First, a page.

• High flow rates allow high volumetric productivities.
  • Providing suitable micro environmental conditions.
  • Improving genetic stability.
  • Protection against shear damage.
  • High resistance to toxic chemicals, pH, temperature, solvents and heavy metals.
  • Decline of maturation time for some products.

Definition of immobilization

An immobilized molecule is one whose movement in space has been restricted either completely or to a small limited region by attachment to a solid structure. In general the term immobilization refers to the act of the limiting movement or making incapable of movement [11]. Immobi-lization can be occurred for enzymes, cellular organelles, animal and plant cells.

Recently the immobilization of whole cells have been developed as biocatalysts in environmental pollutions when are used for multi enzyme systems. They can be classified to three physiological states consist of dead, living and growing states. So we must choose the state more suitable for the application purpose [12]. There are many different the immobilization of whole cell with other biocatalysts such as enzymes. The heat stability and functional stability of immobilized microbial cells have more than enzyme systems. They are not needful tThe processes for the extraction, separation and purification of the enzymes from the cells are not necessary. Not only enzymes due to their protein structure have less stability in extreme conditions, but also in enzymatic systems unwanted reactions can occurbe occurred [13].

The field for immobilization of whole cell, field of their usageis varied from food industry to biomedical sciences. Microorganisms survived on a carrier can be used in continuous and semi-continuous production processes (biosynthesis of vitamins, amino acids, organic acids, production of monoclonal anti-bodies, recovery of heavy metals, whole cell enzymatic reaction and ethanol fermentation), allowing for significant cost decrease due to refillable biocatalyst [14, 15].

History of immobilization

Immobilization is a natural phenomenon existing in the globe. Radwan et al. [16] have provided evidence that the immobilization principle is already found in nature, as microalgal samples collected along the Gulf coast were covered by biofilms of oil utilizing bacteria that help degrade hydrocarbons found in seawater.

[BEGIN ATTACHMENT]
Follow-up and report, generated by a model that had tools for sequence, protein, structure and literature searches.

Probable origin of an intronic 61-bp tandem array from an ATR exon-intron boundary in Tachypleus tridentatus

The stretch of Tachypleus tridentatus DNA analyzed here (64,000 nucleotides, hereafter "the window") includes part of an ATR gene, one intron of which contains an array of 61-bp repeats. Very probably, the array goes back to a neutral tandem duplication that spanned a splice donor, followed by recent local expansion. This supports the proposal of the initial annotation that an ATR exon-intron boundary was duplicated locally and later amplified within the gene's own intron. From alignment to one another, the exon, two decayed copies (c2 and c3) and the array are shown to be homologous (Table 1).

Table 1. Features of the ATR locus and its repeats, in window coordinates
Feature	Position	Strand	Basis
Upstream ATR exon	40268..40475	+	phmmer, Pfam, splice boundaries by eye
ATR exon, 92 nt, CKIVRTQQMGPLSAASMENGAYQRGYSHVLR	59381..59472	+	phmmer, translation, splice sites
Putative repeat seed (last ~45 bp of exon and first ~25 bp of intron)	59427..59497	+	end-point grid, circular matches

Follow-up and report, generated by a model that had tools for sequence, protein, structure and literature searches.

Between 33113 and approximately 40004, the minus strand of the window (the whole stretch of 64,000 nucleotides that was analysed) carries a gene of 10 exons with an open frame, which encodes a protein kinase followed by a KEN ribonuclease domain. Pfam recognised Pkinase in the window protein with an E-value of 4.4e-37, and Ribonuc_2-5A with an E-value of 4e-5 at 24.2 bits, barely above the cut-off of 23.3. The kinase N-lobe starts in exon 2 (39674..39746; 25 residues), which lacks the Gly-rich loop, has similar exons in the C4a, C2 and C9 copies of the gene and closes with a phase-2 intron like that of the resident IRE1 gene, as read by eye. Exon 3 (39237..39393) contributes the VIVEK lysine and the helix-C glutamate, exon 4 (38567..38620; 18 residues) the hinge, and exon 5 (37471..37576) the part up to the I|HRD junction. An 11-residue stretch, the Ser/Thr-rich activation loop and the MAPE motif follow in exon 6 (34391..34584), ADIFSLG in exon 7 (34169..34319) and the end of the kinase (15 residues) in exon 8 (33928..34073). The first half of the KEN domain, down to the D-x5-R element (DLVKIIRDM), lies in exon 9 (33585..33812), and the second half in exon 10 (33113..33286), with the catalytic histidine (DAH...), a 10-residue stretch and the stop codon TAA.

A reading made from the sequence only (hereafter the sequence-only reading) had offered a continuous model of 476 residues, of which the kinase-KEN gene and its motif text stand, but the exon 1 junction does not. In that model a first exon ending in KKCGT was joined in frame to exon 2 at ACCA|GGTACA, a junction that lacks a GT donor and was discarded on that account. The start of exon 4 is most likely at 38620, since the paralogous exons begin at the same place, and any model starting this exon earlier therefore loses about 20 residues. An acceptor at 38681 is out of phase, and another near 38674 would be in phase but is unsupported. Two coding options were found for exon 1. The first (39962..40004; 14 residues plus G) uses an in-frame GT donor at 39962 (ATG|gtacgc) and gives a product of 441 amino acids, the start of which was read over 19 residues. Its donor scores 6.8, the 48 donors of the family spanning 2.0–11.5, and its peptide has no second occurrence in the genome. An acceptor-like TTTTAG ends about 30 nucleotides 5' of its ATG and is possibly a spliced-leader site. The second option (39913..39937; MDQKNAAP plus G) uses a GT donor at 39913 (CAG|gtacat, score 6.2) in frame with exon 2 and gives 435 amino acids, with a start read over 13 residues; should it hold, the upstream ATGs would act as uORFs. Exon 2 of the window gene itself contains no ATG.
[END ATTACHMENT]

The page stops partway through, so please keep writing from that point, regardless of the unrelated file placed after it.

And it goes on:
Biofilms are surface-attached microbial communities consisting of multiple layers of cells embedded in hydrated matrices [17]. Biofilms spread on surfaces or within natural structuresincluding such as body, a tooth, grains, glass, a water pipe or conduit, etc. [18].This natural phenomenon encouraged humans to utilize it for his their services. In the 1969 for the first time, enzyme immobilization was applied for continuous production of L-amino acids from acyl DL-amino acids. by By immobilizinged aminoacylase enzyme and since the late 1970s, immobilization techniques have been used extensively in many laboratories [19].

Carrier selection

The selection of carrier is very important for use in immobilization. Carriers must be have the following criteria [20]:

  1. non toxic, non polluting, non biodegradable.
  2. High cell mass loading capacity.
  3. High mechanical, biological and chemical stability.
  4. Long shelf life.
  5. Adequate function groups.
  6. Low cost price.
  7. Optimum diffusion distance from flowing media to center of carrier.
  8. Easy separation of cells and carrier from media.
  9. Easy to handle and regenerate.

The type of support media used for anoxic biomass immobilization can affect the efficiency of a bioreactor. The number of cells adhering to the support depend on the kind of support.

Immobilization supports are commonly divided into two main groups: organic and inorganic. Organic carriers are such as modified celluloses, dextran, chitosan and agarose, and inorganic carriers are such as zeolite, clay, anthracite, porous glass, activated char-coal, and ceramics [21].

Organic materials are more abundant than inorganic carriers and can be obtained with strictly controlled porosity, but they are usually very sensitive to pressure or pH, and in many cases to both of them. On the other hand, Inorganic supports generally have one major advantage over other materials, namely, their toughness and etc. Most inorganic supports are totally inert, resistance to temperature, pH, chemicals, microbial degradation, and also crushing or abrasion. Given that they do not normally have to be pro-duced by the end-user and may well be naturally occuring occurring (e.g. sand used in methanogenic fluidized beds), the inorganic supports also lendthemselves more conveniently to scale-up [22, 23].